The Fletcher School of Law and Diplomacy began teaching international law when it was founded in 1933, a year of crisis and turmoil. The German Reichstag was set afire, Adolf Hitler was appointed Chancellor, and the Nazis’ first concentration camp opened at Dachau. In the United States, countless unemployed stood in soup lines. The world was soon enveloped in the dual catastrophes of the Second World War and the Great Depression.
Over the following seven decades, the historic approach of The Fletcher School ― the oldest graduate school of international affairs in the United States ― has continued to examine international law within the context of often turbulent international relations. The “Fletcher School” of international law and diplomacy, as it has come to be known, has been concerned with how policymakers act in the world and what impact their actions have. It has viewed with skepticism the idealistic supposition that all international law generates compliance, and the formalistic assumption that international law is merely a set of rules. Instead, it has focused on the practical implications of international rules, principles, and institutions, and explored the interrelationship between law and other disciplines. It has asked fundamental questions about whether law matters to the conduct of international affairs, and if so, why.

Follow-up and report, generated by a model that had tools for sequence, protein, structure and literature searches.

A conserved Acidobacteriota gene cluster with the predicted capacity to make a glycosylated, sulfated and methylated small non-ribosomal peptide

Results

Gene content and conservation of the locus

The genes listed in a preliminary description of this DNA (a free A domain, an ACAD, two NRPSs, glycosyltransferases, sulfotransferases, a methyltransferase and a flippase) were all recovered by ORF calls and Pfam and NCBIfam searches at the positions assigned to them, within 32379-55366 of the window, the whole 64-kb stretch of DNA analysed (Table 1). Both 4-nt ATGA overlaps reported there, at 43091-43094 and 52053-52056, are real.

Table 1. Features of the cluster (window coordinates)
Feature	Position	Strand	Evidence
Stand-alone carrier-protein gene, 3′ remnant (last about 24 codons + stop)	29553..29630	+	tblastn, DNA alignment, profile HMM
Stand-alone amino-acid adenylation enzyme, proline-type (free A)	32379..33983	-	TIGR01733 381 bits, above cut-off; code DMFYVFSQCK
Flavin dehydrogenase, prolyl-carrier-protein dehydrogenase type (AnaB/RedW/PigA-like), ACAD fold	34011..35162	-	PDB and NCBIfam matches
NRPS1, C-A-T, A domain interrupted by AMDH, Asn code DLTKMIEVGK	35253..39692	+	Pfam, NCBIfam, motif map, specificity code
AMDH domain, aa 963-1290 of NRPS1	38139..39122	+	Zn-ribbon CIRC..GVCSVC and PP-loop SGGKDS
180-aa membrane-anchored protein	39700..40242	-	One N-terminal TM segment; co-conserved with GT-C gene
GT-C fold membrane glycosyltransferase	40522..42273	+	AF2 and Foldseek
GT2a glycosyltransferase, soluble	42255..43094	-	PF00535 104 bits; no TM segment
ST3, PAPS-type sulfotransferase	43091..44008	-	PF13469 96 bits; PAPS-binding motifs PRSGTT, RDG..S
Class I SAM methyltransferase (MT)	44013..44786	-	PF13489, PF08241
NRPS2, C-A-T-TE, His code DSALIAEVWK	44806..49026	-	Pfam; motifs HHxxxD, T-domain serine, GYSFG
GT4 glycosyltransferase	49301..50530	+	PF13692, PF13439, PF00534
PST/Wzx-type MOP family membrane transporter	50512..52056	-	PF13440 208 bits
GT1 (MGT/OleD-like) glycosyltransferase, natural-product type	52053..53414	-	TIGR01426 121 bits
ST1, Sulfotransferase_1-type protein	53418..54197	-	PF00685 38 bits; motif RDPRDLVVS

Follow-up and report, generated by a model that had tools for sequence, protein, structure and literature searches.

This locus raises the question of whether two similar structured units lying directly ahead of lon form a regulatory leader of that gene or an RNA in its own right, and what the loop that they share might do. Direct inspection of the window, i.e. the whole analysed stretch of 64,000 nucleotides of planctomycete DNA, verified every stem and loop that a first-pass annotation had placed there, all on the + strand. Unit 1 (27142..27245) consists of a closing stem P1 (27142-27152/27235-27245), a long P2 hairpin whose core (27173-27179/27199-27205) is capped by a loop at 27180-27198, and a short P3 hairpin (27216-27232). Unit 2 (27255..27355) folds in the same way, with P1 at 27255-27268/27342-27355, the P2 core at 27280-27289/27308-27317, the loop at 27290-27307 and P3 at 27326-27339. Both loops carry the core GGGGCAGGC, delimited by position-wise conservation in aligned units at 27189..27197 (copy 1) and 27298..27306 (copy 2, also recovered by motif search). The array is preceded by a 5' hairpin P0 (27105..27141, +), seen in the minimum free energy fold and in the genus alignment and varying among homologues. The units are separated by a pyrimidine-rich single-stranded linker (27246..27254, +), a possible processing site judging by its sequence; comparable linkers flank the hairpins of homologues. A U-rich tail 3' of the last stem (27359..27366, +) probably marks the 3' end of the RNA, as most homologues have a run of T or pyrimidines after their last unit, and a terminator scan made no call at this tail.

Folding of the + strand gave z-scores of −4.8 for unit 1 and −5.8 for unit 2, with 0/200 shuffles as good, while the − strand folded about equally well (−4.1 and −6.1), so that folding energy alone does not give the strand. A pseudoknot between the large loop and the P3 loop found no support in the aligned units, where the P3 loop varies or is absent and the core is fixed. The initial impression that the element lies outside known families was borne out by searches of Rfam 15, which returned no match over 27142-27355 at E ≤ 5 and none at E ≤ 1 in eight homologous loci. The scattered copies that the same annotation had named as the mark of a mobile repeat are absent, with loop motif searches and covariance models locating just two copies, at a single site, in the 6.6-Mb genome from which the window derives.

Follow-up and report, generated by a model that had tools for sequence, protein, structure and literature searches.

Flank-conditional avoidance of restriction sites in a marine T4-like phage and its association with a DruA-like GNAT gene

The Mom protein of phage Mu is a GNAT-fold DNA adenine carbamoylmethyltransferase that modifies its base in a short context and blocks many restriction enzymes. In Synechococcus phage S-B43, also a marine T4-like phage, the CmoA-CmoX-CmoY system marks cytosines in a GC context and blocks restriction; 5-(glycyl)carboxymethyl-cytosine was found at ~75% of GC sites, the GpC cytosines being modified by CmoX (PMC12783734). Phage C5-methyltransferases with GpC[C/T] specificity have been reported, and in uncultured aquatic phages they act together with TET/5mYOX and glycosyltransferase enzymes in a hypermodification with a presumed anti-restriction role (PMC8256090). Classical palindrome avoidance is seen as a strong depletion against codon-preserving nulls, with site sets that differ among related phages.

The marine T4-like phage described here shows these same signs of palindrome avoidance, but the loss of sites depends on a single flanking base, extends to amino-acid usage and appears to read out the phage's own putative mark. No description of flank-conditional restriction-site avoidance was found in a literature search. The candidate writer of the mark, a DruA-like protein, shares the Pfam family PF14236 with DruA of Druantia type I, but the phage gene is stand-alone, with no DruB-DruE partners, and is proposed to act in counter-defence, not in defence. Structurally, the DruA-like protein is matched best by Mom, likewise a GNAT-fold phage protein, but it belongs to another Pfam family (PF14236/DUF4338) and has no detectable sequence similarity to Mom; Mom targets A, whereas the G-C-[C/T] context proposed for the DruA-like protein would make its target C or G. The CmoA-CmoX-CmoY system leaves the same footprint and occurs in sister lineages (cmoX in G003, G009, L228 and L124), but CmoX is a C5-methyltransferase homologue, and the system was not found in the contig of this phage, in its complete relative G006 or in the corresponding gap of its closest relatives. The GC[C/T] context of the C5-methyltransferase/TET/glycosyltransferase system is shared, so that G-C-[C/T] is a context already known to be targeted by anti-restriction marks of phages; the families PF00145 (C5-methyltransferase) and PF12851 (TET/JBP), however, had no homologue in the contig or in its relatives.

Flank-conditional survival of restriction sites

Over the years these themes have been expounded by a line of household names in international law who have taught at Fletcher, including Roscoe Pound, Leo Gross, Hans Kelsen, Julius Stone, Walter Sterling Surrey, Philip Warren Thayer, Robert Hudec, Keith Highet and Louis Sohn.
A network of thousands of alumni ― including hundreds of lawyers ― has benefited from their knowledge and insight. These former students are now leaders in business, law, government and the non-profit sector in countries around the world.
Fletcher’s new LL.M. program carries this tradition forward into the 21st century. It provides a first-rate education in international law for individuals poised to move into leadership roles in law, politics and business. It affords lawyers practicing in traditional fields an opportunity to re-focus their careers on international law and policy. And it does so with a truly global perspective.
At Fletcher, international law students study with others from around the world. Fletcher students represent over 85 developing and industrialized countries, and fully three-quarters of the students in the LL.M. program come from outside the United States. They come with backgrounds not only in law but also in economics, history, government, science and other disciplines.